Andrew Bennett, Canada's religious freedom ambassador, has joined a leading Christian think tank as the Liberal government debates the future of his office.
Mr. Bennett was appointed as the first ambassador to the controversial post in February of 2013, but the fate of his office is unclear as its mandate expires at the end of this month. Mr. Bennett's three-year term was originally set to end in February, but the Liberals extended it to March 31 to coincide with the expiration of the office's mandate and $5-million in annual funding.
Speaking to the Senate in February, Foreign Affairs Minister Stéphane Dion indicated that the Liberals may not renew the office's mandate.
"However, the issue here is determining the best method for defending religious freedom. Is it through this office or through other means? Prime Minister Trudeau talks a lot about gender equality or gender equity. However, it would never occur to him to create an office to address these issues," Mr. Dion said.
The minister went on to say that rights are "indivisible, interrelated and interdependent," and that this will be the government's thinking in determining how to best defend various rights.
The Conservatives first promised to create an Office of Religious Freedom during the 2011 election campaign. The office's mandate is to "speak out and to protect and promote religious freedom around the world." While the Conservative initiative was criticized for mixing politics and religion, certain religious groups supported it. In a letter to Mr. Dion in January, Jewish, Sikh and Ahmadiyya Muslim organizations asked the Liberal government not to scrap the office.
"The Office of Religious Freedom, under the capable stewardship of Ambassador Bennett, has proven an effective advocate in highlighting the issue of religious persecution, partnering with diaspora communities in Canada, and raising our country's profile as a world leader in human-rights promotion on the international stage," the letter read.
Mr. Dion's press secretary, Chantal Gagnon, wouldn't say whether the Liberals will renew the office's mandate, but did say Global Affairs Canada looks forward to continuing to work with Mr. Bennett as it develops the "most effective and appropriate options going forward."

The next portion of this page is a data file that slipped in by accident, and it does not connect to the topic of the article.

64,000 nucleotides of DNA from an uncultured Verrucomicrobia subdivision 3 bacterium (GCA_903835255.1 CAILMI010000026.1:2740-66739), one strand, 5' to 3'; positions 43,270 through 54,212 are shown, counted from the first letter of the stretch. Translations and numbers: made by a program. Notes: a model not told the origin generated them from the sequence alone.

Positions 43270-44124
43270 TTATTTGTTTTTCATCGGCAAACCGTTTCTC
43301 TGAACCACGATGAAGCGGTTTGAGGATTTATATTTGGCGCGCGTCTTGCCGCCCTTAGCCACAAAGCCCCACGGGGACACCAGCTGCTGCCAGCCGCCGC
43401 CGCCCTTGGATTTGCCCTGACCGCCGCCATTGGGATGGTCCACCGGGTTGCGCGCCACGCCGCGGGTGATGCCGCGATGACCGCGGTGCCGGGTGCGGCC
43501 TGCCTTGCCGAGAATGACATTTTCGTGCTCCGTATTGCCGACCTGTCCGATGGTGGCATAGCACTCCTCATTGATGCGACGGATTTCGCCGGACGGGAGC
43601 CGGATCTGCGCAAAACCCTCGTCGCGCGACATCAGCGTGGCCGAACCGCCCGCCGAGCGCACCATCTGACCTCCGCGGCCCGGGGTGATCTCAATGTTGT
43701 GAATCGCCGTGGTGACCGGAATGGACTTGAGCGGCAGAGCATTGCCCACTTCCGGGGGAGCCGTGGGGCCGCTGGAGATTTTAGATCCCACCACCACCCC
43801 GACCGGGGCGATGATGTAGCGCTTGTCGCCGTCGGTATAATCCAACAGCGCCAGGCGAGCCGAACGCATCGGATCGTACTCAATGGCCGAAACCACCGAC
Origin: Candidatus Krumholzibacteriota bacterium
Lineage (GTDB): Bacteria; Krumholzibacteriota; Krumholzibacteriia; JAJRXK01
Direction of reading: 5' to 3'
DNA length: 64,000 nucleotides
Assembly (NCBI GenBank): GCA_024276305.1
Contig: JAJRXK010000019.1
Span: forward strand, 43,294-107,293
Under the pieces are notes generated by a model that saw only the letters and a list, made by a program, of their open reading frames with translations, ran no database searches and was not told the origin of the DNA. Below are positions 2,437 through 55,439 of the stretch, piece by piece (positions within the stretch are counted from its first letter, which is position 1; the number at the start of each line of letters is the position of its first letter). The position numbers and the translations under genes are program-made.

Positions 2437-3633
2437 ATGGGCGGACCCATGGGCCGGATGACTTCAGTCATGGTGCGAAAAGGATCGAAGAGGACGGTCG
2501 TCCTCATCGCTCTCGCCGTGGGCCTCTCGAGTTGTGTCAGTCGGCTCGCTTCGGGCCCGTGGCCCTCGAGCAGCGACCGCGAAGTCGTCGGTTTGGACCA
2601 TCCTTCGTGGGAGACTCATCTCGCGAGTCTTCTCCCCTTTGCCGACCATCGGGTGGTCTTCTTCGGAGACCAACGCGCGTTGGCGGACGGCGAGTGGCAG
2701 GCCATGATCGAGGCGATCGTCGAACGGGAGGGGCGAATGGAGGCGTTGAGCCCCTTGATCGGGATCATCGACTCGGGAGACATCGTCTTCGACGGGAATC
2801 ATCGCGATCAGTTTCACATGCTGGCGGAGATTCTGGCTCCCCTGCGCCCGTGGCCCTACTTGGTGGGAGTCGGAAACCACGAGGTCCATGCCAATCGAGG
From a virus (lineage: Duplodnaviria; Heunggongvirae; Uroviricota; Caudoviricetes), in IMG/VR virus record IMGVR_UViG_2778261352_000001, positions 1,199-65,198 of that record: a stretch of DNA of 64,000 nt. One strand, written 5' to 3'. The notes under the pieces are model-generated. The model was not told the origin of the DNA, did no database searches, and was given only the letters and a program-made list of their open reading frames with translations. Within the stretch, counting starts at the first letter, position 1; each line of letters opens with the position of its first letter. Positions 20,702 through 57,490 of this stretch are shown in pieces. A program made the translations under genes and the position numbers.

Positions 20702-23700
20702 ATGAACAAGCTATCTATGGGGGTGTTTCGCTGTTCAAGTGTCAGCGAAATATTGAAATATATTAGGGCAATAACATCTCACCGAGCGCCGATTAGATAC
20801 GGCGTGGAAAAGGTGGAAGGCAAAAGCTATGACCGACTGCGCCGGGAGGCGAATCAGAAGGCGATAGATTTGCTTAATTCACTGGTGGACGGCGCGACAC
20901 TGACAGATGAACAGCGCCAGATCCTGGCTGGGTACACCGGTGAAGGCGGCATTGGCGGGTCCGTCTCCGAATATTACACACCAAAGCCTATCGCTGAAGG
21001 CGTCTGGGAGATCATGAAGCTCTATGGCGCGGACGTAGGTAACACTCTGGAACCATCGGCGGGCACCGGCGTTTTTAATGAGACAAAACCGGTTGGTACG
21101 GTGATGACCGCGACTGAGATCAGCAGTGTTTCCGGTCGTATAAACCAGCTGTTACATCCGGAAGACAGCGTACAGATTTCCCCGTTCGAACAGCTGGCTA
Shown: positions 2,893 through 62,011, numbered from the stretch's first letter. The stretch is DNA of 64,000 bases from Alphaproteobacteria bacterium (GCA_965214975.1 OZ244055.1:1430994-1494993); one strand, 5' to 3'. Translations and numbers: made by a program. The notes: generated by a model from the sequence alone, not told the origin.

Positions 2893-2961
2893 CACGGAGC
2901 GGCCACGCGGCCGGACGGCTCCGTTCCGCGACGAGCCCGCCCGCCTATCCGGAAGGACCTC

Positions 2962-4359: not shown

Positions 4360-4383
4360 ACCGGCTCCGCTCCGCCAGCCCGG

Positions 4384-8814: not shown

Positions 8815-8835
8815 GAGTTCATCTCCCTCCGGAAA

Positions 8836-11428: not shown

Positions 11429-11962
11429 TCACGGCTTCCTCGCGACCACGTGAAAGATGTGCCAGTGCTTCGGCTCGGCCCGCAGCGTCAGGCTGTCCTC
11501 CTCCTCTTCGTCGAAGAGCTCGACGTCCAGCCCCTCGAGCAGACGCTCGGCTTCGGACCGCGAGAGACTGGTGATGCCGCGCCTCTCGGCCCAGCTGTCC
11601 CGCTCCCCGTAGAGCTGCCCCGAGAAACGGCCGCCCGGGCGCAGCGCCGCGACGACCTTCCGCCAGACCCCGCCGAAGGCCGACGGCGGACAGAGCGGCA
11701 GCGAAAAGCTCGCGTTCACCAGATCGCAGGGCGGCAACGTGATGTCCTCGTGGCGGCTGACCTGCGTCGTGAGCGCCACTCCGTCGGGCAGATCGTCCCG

Effective immediately, Mr. Bennett has accepted a position as a senior fellow at Cardus and chair of the think tank's Faith in Canada 150 program while he completes his term as ambassador. His new position is voluntary and unpaid with "full support" of Global Affairs Canada, according to Ms. Gagnon.
"This in no way affects his work with us as we consider how best to preserve and protect all human rights, including the vital freedom of religion or belief. Indeed, Dr. Andrew Bennett has shown remarkable ingenuity, sensitivity and competency in serving as head of Canada's Office for Religious Freedom," Ms. Gagnon said in a statement.
Global Affairs Canada did not respond to a request for comment from Mr. Bennett.
Mr. Bennett, a former public servant and Christian college dean, will continue his work promoting religious freedom in his role at the think tank. Over the next 18 months, he will lead the think tank's efforts to mark the 150th anniversary of Confederation by bringing together religious communities in "celebrating and encouraging the importance of faith in our common life."
"There's no one better really than ambassador Bennett to pick up the baton, not just as we celebrate our country's anniversary, but he has a deep understanding of how we can live together in difference in faith," Cardus director of communications Marisa Monnin said.
Cardus describes itself as a "a think tank dedicated to the renewal of North American social architecture," which draws on Christian thought. It is based in Hamilton, with offices in Calgary, Montreal, Vancouver and Los Angeles. It is opening a location in Ottawa, where Mr. Bennett will work.